A (somewhat) long time ago in southeastern Pennsylvania, a Procurement services provider called Source One opened its doors. Over the years, they've helped countless clients refine their operations with their suite of cost reduction and strategic sourcing services.

The Procurement masters at Source One don't have magical powers. They aren't supported by a mysterious Force. They are, however, powered by experience and market intelligence. While industry blogs and events are a great source of knowledge, sometimes the best insights - like the best Jedi - come from unlikely sources. In honor of Star Wars Day, they're sharing some of the lessons they've learned from everyone's favorite space opera. Don't believe that Star Wars has anything to teach Procurement teams? I find your lack of faith disturbing.

1. Consider Every Risk Factor
Procurement's ongoing strategic evolution has seen the department accept a number of new roles. Risk Manager is among the most essential. Taking a more hands-on approach to managing supplier relationships and cross-department purchasing, Procurement is tasked with identifying potential risk factors, developing mitigation strategies, and overseeing the response to supply chain disruptions. Diligence and vigilance are key. Procurement can't afford to dismiss any risk factor as insignificant. A hands-off approach to risk forecasting could mean lost savings, rampant inefficiency, and even the dissolution of an entire business.

Obviously, the Procurement team on the Death Star had to learn this lesson the hard way. Their planet-destroying weapon seemed perfect. Unfortunately, a single flaw left it vulnerable. When the Rebel fleet exploited this flaw, all of the Empire's hard work went up in flames. While this was a happy ending for our heroes, it's also a valuable cautionary tale for Procurement. To effectively mitigate and manage risk, the department has to assess every possible risk factor and plan for every conceivable scenario.

2. Be Transparent
To call The Last Jedi a highly controversial entry to the Star Wars saga constitutes a Jabba the Hutt-sized understatement. Across the movie-going world, overzealous fanboys balled their fists and raised their voices to criticize Rian Johnson's take on the franchise. They're still at it.

New characters have rarely fared well with Star Wars enthusiasts. This time around, Laura Dern's Amilyn Holdo joined Jar Jar Binks, General Grievous, and Watto on the series' list of unwelcome additions. Personally, I think she gets a bad rap (full disclosure: Laura Dern could cut my head off with a lightsaber and I'll still worship her), but her management style was certainly flawed.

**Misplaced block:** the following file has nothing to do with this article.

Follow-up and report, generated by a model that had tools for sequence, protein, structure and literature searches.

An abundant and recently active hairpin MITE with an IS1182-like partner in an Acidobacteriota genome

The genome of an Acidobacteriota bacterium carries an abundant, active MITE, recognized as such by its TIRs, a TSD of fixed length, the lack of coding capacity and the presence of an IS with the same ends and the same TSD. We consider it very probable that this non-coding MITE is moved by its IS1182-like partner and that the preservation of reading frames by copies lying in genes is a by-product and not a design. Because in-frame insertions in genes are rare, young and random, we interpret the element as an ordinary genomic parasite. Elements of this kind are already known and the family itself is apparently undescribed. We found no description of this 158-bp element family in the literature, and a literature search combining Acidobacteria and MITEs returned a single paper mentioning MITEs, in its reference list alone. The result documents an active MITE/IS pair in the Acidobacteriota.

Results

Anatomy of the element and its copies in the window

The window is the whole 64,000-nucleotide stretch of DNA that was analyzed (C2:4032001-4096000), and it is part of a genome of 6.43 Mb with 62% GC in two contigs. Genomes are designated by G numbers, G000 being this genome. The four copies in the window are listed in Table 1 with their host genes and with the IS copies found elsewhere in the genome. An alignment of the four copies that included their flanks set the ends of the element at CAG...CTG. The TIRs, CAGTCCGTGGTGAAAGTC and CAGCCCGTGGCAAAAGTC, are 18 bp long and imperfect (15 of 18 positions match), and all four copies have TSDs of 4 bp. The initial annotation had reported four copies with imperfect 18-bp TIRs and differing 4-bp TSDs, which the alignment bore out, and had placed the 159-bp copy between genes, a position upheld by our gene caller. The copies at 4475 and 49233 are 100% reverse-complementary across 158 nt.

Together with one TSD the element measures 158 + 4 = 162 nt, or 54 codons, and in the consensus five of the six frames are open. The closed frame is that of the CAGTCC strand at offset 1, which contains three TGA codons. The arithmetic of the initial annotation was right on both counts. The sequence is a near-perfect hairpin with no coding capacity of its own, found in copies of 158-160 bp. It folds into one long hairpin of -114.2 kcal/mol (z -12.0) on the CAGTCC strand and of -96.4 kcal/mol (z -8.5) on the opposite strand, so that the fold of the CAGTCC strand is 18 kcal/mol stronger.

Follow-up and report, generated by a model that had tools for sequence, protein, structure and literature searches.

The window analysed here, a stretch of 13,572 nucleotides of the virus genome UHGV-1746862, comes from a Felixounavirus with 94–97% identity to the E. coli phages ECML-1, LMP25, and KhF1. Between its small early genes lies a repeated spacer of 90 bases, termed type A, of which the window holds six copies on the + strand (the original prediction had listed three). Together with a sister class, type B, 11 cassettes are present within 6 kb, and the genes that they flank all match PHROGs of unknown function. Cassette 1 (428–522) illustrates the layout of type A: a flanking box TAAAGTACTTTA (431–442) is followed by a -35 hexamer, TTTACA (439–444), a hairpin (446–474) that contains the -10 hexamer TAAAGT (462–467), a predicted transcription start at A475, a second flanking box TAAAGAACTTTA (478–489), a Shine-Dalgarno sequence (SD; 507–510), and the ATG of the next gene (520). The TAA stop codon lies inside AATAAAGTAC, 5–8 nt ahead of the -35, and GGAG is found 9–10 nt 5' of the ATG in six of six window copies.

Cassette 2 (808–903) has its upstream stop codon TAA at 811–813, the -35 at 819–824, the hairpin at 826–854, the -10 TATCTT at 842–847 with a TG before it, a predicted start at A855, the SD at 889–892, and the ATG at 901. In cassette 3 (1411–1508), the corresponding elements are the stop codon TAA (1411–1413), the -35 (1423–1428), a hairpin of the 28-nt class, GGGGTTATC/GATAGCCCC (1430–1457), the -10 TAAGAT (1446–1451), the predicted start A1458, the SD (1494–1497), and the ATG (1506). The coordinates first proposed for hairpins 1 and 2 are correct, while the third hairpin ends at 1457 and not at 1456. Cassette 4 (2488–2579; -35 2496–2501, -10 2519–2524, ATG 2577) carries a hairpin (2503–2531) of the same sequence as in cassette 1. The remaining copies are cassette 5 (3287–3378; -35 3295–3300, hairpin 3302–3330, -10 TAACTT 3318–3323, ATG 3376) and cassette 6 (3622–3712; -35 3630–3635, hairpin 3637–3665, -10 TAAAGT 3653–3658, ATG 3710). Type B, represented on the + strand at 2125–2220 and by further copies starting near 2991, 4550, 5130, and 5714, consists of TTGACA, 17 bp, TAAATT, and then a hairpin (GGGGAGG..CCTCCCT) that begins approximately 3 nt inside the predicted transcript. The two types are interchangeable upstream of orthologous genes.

During any initiative, it's essential for Procurement to encourage open communication across every department. Holdo choose the opposite strategy after taking over for General Leia. Fleeing First Order ships, she kept her escape plan secret and fostered both confusion and unrest among her team. The consequences were grave. Had Holdo outlined her plan, established clear objectives, and delegated duties, lives could've been saved. In everyday situations and crises alike, Procurement needs to ensure everyone is on the same page. Secret plans are certainly dramatic, but they're rarely effective.

3. Invest in Professional Development
How did Luke Skywalker become such an effective Jedi? He had a great manager. Taking an interest in the young Jedi, Obi-Wan developed a clear career path, communicated his expectations, and put Luke in contact with Jedi Master Yoda. Kenobi was such an effective talent manager, in fact, that he even offered guidance from beyond the grave. Luke, for his part, exercised some Procurement best practices of his own. Listening actively and asking questions, he proved himself equally as invested as his teachers.

For Procurement professionals to feel engaged and develop their skills, they require investment and attention from their managers. Yearly performance reviews won't cut it. Retaining and engaging employees means making talent management an everyday concern.

Obi-Wan also presents a case study in how not to mentor new talent. Everyone remembers how poorly his efforts to train young Anakin Skywalker turned out. A mixture of poor oversight and occasional micromanaging alenated Anakin and led him to turn to the Dark Side. The same qualities can easily motivate team members to jump ship and align themselves with your competition. Obi-Wan would've done well to solicit feedback and adjust his managerial style accordingly.

Want to take your Procurement operations from Padawan to Master? Source One's experts are the cost reduction consultants you're looking for. Reach out today.
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